3D Extruded Title Design with After Effects: Extruding and Coloring Text

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Instructor Nick Harauz

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Extrude and color text in After Effects by enabling the C4D renderer.

In this video, we go under After Effects' Composition Settings to enable the C4D renderer. The C4D renderer gives us access to geometry options that will allow us to extrude and add a bevel to our text. Finally, we will color the Front, Side and back of our text.

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Transcript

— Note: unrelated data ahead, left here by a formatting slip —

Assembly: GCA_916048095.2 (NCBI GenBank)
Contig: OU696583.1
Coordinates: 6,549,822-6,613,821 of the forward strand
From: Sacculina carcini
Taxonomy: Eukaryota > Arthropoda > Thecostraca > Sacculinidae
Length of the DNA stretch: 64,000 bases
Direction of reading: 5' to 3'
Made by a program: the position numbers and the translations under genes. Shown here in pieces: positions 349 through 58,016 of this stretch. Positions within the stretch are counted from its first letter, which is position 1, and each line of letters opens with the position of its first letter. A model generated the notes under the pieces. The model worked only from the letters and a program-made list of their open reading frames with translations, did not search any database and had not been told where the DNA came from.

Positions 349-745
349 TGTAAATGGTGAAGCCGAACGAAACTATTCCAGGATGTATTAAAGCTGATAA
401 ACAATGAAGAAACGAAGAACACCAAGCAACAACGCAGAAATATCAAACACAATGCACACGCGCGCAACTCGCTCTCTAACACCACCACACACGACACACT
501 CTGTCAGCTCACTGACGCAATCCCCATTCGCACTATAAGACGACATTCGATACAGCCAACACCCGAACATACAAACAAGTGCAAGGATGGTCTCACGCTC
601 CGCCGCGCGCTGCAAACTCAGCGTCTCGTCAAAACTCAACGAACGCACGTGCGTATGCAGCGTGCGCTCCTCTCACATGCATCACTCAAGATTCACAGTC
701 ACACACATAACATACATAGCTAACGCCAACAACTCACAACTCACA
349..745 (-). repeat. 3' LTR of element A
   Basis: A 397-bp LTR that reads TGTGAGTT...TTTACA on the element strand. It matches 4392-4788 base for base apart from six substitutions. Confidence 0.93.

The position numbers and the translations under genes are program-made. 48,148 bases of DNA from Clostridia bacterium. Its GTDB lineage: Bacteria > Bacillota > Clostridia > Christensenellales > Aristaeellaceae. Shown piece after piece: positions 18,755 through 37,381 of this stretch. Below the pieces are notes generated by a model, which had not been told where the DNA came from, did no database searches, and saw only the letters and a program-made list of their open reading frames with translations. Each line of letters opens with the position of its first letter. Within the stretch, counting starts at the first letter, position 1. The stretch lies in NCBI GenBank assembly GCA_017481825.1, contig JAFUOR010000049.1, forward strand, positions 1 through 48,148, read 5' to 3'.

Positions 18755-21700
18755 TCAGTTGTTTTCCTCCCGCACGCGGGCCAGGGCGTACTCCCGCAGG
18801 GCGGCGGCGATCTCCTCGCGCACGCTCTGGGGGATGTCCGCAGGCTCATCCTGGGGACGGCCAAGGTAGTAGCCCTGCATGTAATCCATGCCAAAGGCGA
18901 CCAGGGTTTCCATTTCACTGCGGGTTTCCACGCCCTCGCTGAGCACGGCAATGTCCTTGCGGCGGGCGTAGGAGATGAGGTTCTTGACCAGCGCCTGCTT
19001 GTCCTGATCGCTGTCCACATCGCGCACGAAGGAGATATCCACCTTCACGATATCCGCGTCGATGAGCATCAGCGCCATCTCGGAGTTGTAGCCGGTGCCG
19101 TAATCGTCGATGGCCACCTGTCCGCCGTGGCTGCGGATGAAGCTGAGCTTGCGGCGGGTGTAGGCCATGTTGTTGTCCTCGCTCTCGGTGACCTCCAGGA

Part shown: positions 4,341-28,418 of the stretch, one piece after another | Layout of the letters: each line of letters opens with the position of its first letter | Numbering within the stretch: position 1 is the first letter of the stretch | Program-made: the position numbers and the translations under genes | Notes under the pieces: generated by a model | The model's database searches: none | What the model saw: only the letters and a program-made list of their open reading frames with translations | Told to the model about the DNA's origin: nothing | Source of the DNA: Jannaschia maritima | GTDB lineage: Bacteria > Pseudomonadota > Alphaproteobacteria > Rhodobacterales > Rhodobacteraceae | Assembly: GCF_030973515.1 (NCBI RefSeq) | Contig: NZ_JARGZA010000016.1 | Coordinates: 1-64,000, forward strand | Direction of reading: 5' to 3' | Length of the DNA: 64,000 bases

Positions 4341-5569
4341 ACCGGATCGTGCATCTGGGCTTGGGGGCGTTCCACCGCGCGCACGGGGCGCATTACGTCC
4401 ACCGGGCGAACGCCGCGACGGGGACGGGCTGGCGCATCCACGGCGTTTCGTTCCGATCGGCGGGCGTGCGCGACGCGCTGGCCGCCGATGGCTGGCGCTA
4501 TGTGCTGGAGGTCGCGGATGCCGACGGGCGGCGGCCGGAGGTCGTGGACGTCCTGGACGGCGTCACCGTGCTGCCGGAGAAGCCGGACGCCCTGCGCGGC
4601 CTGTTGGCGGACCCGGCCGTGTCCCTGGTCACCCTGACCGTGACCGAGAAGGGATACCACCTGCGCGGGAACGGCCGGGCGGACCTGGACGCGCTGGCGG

In this movie, we're going to look at extruding and coloring our text directly inside of After Effects using the Cinema 4D renderer to get a result similar to what you see up here. So you should have a project file available to you, it's called AE C4D Render. And once you download this file, you should see that you have a couple compositions in the project panel available to you. One is the Cinema 4D Renderer composition, and this is what we're going for. So this is the end result, we're going to try to complete this over the next few exercises. The other thing we've included is the Cinema 4D Renderer Start, and this is where we're starting from in this chapter. So, what we see here is that first of all there's a text layer, and it has a fill as well as an outline. The fill is orange, the outline is white. We also have an Illustrator file but we can't quite see it because it's a black outline. And in order to see that I'm going to toggle on my transparency grid. A camera has been added to the scene, and these two layers are in fact 3D, we can see these little cube checkboxes. And the camera has been re-positioned in order to angle itself across this text as well as this Illustrator file. Now what we want to do is extrude everything that's in front of us here inside the composition. In order to do this we need to be able to switch our renderer from the Classic 3D to the Cinema 4D renderer. A way of achieving this is to go to the Composition menu and choosing Composition Settings. Here we're going to move from the Basic tab over to the 3D Renderer tab. I want to change the renderer from Classic 3D over to Cinema 4D. Now you may be asking, "What's the Ray-traced 3D Renderer?" And this is After Effects' first response for allowing you to have 3D texts as well as shapes. The problem with the Ray-traced renderer is that it basically had to leverage a particular graphics card, and if you didn't have this graphics card it would be a very slow process in order to even view or render your scene. So we're going to choose the Cinema 4D Renderer, and with this we're going to enable a bunch of possibilities and disable another bunch of possibilities inside of After Effects. And we can see that right when it's selected that what's enabled is our ability to have extruded and beveled text and shapes. We're going to get reflections. We're going to be able to actually curve flat footage layers. We're going to add some text and shape bevels in sides that are going to overwrite other materials that are on our objects, or in this case fills. We're going to be able to actually have an environment layer, which is a way of just taking an image and wrapping it around a sphere so that it reflects across our text. But, you have to be cautious if you have an existing composition. So if you have blending modes in your composition, are using track mattes, layer styles, you've got masks, there are also a bunch of options in terms of light transmission and adjustment lights, which are accepted in Classic 3D that aren't accepted here in the Cinema 4D renderer. So if you've already started to work and aren't just doing text as well as shape extrusion, you want to be careful because some of the things that you've done in your After Effects project might not be supported. So with that warning, let's press OK. Let's go to the first thing, which is to just simply extrude our text layer. We can select the text layer now inside this composition, and you can see here that the render on the top right-hand corner of the composition panel is indeed set to Cinema 4D. Because of that, when we click AA, which reveals the material options of a layer in 3D, now we also have these geometry options. And under these geometry options is your ability to extrude this text. I'm going to take the Extrusion Depth and enter a value of 20, and you're going to see that our text now becomes extruded. It has some depth added to it. If I increase this number that text is going to become a lot more extruded. Let me take that back down to a value of 20. Now, what happened to our outline or the stroke that was around our text? You'll notice that it disappeared. In order to reactivate it we need to choose a bevel style. Instead of none, what I'm going to do is set this to concave, and you'll see there that that white outline/stroke now appears around our text, and we can choose an actual bevel depth just to give a little bit more of an oomph to our text layer. So I'm going to enter a value of three, and you can see there that it gets a little bit bigger. I think that two was actually a good start-off point, but now we've made some nice adjustments to our text layer by extruding it. Let me twirl up all the properties on my text layer. Now we also have this Illustrator file and we would like to extrude that as well. However, we can't extrude an Illustrator file in the Cinema 4D renderer. All we need to do is actually change this vector layer into a shape layer. So if I go to the Layer menu, you'll see that we're able to create shapes from vector layer. And once I do that, you can see that a shape layer has been added to my project, it's been turned on, and my Illustrator file has been just turned off. So here's those outlines, that's looking pretty good. Now because it's a series of outlines, it's not going to really be filled very well. So what I'm going to do is add yet another shape layer to this project. I'm just going to deselect everything, and head up here to my Shape menu. You press the letter Q you can cycle between all of the various shape options that are available, and I want to choose the Ellipse Tool. Now it's important to note that if you have a layer selected it's going to add a mask to your layer, and if you don't have a layer selected it will create a shape. You can of course switch those options up here if you have a selected layer. Now I'm going to click and then press Shift+Option to constrain how this circle is being scaled up from, and to make sure that it's a circle rather than ellipse. Since I've just added the circle you can see that its fill properties are based on this color up here. I'm just going to click and change that to something other than the black value. Orange looks nice. And right now it's not being affected by our 3D space, and that's because this 3D cube isn't checked. So let me give that a click. You can see now that it's basically rotated like all of the other layers inside of our project. Sometimes when you draw a shape layer you just notice that its anchor point might be off. And a really handy trick is to go over here to the Pan Behind Tool, and if you Cmd+double-click it, it's going to center it right there on the shape layer. Let me press the V key just to go back to my default selection tool. And all I'm trying to do now is get this circle in a better place so that it's behind our lovely clock face and roughly also the same size. So I'm just doing a little bit of movement here. You can also use your arrow keys on your keypad, and I'm just trying to set it up here. That's looking pretty good as a default. Now I'll just move it a little bit back. It doesn't look like it's quite scaled just perfectly but if I just enter a small value of 102, and then maybe make a couple position changes, that's looking pretty good. So I'm going to change the shape layer name by pressing the Return key and calling it Clock Back. With it selected, I'm going to press Cmd+[ on my Mac to just move it underneath the AE outlines. And I want to be able to essentially move these together. So I'm going to take the pick-whip over here in the parent column and then pick it to the...or basically pick-whip it to the outlines. With the outline selected, I'll just press the arrow key a couple of times just to center this slightly better, both that back as well as the outline face so it's moving together. Now, here, what we can do is with the clock face also extruded, or the Clock Back, so I'm going to press AA because it's a shape. You can also do it with the outlines but it's going to be better to do with the filled-in background. And I'm going to just go here, and now increase the Extrusion Depth under my geometry options. And once I enter a value of 20 you can see how that looks. I want to make that even thicker in this case of the clock face to a value of 40. Now, you might notice that, compared to the last example, it's not looking very good or 3D extruded text. But the minute that we start to add some lights into the scene, we're going to see a huge difference. And for that, you have to join me for the next movie.